Hiring Programmers

by Krishna on December 28, 2010

Alan Skorks’ recent post on programmer interviews reminded me of a couple of old posts (here and here) that I had written about the reality of hiring. In short, 99+% of good programmers are not actively looking for a job. 99+% of the rest don’t know about your company. Of those who know, many won’t apply at your company. So your pool of potential employees is not a true representation of the overall programmer supply.

The posts that disparage 99% of programmers for not having basic skills are counter-productive in another way. It implies that we should so lucky to have programmers who can code a loop. The truth is that companies should be improving their hiring processes to attract better programmers to interview for the position that they have available.

Big or well-known companies attract employees, even if they don’t actively chase them. Companies like Google or Facebook probably get hundreds of resumes every week. But smaller companies, especially those not VC-backed with expectations of an IPO or buyout bonanza, have a harder time.

A small company usually only has a handful of openings (or more likely, 1–3 openings) at anytime during the year. The kind of opportunities and benefits it can offer are very different from larger, more famous companies. And there is greater risk for potential employees with respect to career stability and future prospects. Therefore, the applicant pool is more likely to contain desperate than good candidates.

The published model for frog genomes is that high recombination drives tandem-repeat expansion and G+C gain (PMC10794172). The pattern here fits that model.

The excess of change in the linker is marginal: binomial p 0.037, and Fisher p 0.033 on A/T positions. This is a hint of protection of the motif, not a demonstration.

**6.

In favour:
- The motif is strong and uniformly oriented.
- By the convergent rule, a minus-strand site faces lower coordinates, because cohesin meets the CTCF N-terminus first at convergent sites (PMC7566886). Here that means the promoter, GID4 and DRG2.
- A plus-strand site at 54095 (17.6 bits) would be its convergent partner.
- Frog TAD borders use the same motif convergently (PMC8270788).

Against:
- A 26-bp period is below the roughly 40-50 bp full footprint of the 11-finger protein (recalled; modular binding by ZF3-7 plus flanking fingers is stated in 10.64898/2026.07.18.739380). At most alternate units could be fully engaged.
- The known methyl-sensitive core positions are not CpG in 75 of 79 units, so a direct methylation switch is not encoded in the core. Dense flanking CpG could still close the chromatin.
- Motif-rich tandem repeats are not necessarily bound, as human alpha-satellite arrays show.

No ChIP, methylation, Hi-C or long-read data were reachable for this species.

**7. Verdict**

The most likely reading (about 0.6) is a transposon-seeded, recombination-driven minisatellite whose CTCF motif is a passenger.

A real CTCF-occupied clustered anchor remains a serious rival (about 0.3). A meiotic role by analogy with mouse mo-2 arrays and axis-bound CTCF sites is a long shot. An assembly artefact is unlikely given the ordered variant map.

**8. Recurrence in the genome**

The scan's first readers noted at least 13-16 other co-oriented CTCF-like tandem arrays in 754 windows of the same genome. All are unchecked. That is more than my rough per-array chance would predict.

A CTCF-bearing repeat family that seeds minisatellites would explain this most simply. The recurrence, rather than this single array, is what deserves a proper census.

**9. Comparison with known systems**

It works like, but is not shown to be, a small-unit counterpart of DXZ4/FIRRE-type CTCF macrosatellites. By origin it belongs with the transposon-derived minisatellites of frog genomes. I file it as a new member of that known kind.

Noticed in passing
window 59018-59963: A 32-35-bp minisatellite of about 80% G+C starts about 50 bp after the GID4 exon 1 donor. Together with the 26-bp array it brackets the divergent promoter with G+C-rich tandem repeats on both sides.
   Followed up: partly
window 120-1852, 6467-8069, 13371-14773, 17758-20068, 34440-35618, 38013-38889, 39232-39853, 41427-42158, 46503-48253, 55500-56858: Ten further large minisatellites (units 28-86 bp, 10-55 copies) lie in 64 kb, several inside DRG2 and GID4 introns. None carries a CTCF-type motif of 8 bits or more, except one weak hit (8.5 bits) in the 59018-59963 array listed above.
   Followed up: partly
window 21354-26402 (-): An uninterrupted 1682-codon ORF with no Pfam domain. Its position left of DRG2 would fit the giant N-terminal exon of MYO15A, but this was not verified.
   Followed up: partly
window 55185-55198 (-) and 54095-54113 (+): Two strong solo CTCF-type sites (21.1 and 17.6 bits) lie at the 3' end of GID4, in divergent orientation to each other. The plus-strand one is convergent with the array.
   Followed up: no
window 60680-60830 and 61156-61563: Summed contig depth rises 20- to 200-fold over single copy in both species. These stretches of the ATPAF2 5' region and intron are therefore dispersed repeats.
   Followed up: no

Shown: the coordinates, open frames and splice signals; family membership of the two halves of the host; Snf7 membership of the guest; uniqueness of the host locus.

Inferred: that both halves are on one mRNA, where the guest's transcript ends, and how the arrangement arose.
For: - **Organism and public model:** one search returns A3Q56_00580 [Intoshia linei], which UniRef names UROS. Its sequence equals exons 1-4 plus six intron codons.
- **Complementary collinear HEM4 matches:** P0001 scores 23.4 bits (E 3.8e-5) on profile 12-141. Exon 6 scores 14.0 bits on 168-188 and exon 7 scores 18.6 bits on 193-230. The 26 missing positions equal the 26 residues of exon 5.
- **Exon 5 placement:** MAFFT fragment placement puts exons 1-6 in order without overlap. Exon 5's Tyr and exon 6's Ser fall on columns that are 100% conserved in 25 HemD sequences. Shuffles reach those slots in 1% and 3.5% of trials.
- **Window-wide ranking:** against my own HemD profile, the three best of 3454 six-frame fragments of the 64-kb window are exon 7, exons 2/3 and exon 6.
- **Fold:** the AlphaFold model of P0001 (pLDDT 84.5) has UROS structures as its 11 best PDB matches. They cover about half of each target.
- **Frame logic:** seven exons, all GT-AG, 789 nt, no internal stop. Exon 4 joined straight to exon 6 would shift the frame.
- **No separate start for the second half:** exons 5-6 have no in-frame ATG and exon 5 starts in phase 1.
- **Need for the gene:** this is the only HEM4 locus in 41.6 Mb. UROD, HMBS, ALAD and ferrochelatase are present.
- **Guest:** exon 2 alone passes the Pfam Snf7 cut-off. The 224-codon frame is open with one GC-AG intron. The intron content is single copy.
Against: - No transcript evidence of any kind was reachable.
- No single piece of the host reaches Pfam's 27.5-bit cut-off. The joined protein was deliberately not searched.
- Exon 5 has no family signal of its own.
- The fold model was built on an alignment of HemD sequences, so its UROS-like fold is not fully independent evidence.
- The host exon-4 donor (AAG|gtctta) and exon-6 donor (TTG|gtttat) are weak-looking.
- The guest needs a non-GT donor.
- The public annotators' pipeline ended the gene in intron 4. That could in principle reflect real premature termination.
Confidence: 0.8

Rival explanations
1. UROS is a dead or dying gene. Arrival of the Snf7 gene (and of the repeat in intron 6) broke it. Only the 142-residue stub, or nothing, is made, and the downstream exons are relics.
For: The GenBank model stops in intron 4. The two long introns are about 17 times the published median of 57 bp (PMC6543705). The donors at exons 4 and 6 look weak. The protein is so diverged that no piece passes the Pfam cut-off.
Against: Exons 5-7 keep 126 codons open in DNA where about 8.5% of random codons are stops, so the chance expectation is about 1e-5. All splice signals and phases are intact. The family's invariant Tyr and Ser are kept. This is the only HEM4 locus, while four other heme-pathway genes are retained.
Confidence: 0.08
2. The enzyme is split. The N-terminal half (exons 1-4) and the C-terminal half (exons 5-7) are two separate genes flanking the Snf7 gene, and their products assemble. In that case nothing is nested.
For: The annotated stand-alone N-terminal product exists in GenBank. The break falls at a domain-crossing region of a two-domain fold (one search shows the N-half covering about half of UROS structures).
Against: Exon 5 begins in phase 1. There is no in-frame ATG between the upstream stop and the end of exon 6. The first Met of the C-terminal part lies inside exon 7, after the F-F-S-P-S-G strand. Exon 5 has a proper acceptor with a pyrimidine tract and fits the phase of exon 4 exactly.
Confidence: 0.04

So small companies have to work harder to attract talented employees. A few obvious places for improvement are:

  1. Website: Why should someone join your company? The usual text about benefits and “fun place to work with” are great. But what is truly different? Also, do you have an easy way to get people to submit their information (not just resumes, but specific pieces of information) through your website. Many companies simply offer a career email address or a 3rd party resume tool.
  2. Recruiters: Do you have recruiters who are very smart at reaching good programmers, or are they simply doing searches on Monster.com? Do they continue to reach out to and maintain relationships with capable programmers even when there is no urgent need. Here is an example of a recruiter who you don’t want in your company.
  3. Job Postings: Many job postings are so generic that they invite many unwanted responses, or so particular that they lose out on capable individuals who can learn quickly on the job. Companies also have weird numbers of years of experience for various technologies when a simple overall experience range may be enough.

Needless to say, there is a bit of chicken-and-egg situation here. Since they have few openings, most small companies rarely allocate enough resources for hiring, let alone spend the extra effort required to attract and engage potential employees. But that is the root of the poor application pool. Somewhere, the cycle has to be broken.

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